So much more than a game

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Mr T plays them, Ozzy Osbourne grudgingly admits that he's not as scary as some of them, and Ant & Dec fall out over them. No longer the preserve of socially inept adolescents, computer games are now possibly the world's biggest industryFun Inc, the new book by Tom Chatfield, has some interesting theories on how this came to be, and what we can expect in the future.

Chatfield argues the dramatic growth of the industry has less to do with raw marketing and improved technology, and more to do with how games are increasingly seen as applications that can be used in business, education, and, in an increasingly non-geeky way, for valuable social interaction.

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Fun Inc presents a detailed look at the gaming industry: from it's commercial beginnings with Pong to today's masterpieces, such as Grand Theft Auto IV – which generated $500 million in sales in it's opening weekend, at that point more than any movie ever made.

Chatfield, who is an editor for Prospect Magazine, also discusses the effect of this explosion. Like the movie industry, games are now so expensive to create that increasingly companies are rolling out simpler concepts – notably Guitar Hero or the WII Sports series. The former generated Aerosmith more revenue in royalties than any of their stadium sell-outs. 

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Where Fun Inc really comes into its own is when it steps into the territory of Massively Multiplayer Online Games. World of Warcraft's sheer coverage (over 14 million at the time of print), Chatifield argues, has made it an increasingly useful analysis tool.

Chatfield goes on to describe a number of situations, all based on the idea that there's a blurring between the concept of 'real' and 'unreal' – the increase in people paying 'real' money for 'unreal' weapons and privileges, the going rates for mercenary warfare, for assassinations and for medical help, or even the growing industry in Westerners paying 'real' money to groups of Chinese teenagers to develop a character to order for them.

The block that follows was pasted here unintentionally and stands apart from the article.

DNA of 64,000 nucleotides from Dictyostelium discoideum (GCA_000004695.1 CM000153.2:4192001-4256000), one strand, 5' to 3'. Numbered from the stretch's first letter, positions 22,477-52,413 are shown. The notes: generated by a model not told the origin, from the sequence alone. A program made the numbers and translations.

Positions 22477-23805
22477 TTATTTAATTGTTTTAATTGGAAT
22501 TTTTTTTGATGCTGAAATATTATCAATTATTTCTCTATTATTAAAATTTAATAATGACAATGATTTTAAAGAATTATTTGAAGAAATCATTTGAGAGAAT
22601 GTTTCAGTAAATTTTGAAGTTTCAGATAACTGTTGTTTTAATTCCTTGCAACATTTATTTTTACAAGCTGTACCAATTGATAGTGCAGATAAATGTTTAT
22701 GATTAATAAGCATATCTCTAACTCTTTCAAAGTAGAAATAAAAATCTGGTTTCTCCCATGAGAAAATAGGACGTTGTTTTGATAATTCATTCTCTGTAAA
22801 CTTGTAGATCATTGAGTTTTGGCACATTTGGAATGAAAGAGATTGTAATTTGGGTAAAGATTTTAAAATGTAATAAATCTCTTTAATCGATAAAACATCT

Additionally, the actions of a group of players that decided to release a disease into the game was used by the US government as a study of both the behaviour of terrorist groups, and the behaviour of people during a pandemic in the 'real world'. 

All this leads into a look at the future of gaming. Whilst many modern movies portray the horror of a world lived via computer, Chatfield points out a number of well-designed 'games' that have been used to great success by the military as well as in the fields of medicine and education.

Fun Inc compares shifting attitudes and a diversifying audience for games to that of the fledgling movie industry: predicting that the recent growth of  the avant-garde game is evidence that one day great games will be regarded on the same cultural pedestal as great movies or great books.

What emerges ultimately from Fun Inc is a detailed and engaging analysis on an increasingly influential medium. Even non-gamers may find themselves seduced. In the meantime, we’re off to take out Fat Tony in a drive by shooting. Ally Byers

Fun Inc - Why Games are the 21st Centruy's Most Serious Business by Tom Chatfield (Virgin Books) is out on January 14, priced £12.99